Mississippi Nursing Home Lawyers Serving Victims of Bed Sores, Pressure Sores & Decubitus Ulcers
Receiving a notification that a loved one residing in a nursing home has a debilitating pressure ulcer can be a shocking an unexpected experience. In many incidences, the medical staff or administration tells the family that a pressure ulcer (bedsore; decubitus ulcer; pressure sore) is just an expected occurrence of a loved one growing older. However, nearly all pressure ulcers are avoidable when the sore is detected in its early stages.
In many incidences, families have no option but to place their loved ones in nursing facilities to receive treatment by trained, competent medical professionals. Often times, patients with mobility issues are unable to reposition their body without assistance, making them highly susceptible to developing a bedsore. However, with proper monitoring and readjusting the body every two hours or less, the patient can be protected from developing pressure sores.
Bedsores can develop quickly when pressure on the body is not alleviated. As a part of the nursing staff’s responsibilities, they are required to routinely monitor the patient’s skin and treat any bedsore acquired at the facility. When a decubitus ulcer is first detected on the patient’s skin in its initial stage, simple steps can be taken to prevent its progression.
Bedsore Staging Used to Determine a Wound’s Severity
A bedsore develops when body pressure makes contact with the bed, pad, mattress or any surface, including another body part. The pressure restricts blood flow to skin tissue, depriving the area of much-needed oxygen. Within hours, the affected area can begin to die, causing serious injury at the site. However, with routine monitoring, the nursing staff can ensure that the pressure is released before it causes any damage to the skin.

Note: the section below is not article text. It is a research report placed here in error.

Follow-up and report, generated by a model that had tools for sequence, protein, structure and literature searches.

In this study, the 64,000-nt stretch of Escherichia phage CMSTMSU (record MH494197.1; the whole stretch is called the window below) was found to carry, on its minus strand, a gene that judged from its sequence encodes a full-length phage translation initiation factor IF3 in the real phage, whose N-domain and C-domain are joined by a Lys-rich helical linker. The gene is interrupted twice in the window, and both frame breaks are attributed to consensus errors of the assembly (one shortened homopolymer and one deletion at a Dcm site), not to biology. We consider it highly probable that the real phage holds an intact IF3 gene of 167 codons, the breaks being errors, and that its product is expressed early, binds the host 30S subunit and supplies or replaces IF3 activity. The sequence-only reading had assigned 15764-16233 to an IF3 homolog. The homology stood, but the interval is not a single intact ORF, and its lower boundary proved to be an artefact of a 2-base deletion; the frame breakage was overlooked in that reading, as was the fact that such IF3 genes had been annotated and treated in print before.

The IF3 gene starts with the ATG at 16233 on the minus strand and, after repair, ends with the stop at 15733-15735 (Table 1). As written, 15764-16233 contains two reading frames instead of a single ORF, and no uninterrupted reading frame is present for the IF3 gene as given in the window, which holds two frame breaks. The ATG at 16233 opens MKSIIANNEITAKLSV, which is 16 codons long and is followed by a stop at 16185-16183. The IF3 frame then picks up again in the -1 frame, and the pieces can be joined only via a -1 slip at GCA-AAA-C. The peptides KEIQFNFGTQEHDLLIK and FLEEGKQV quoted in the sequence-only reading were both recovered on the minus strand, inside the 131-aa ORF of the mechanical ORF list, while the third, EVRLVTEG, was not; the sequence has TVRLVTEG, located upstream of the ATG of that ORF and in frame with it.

If the bedsore is not detected early, or the staff treats it improperly, the sore can quickly become an open wound as it progresses into advanced stages. The wound will begin to open, creating a small crater where underlying fat is exposed. Within days, the sore can progress to a life-threatening condition where the open wound becomes deep, exposing muscle and bone, making the area highly vulnerable to life-threatening infection. The most advanced stages of decubitus ulcers typically involve blood infection (sepsis) or bone infection (osteomyelitis).
Nursing Staff Negligence Behind Many Episodes of Advanced Pressure Sores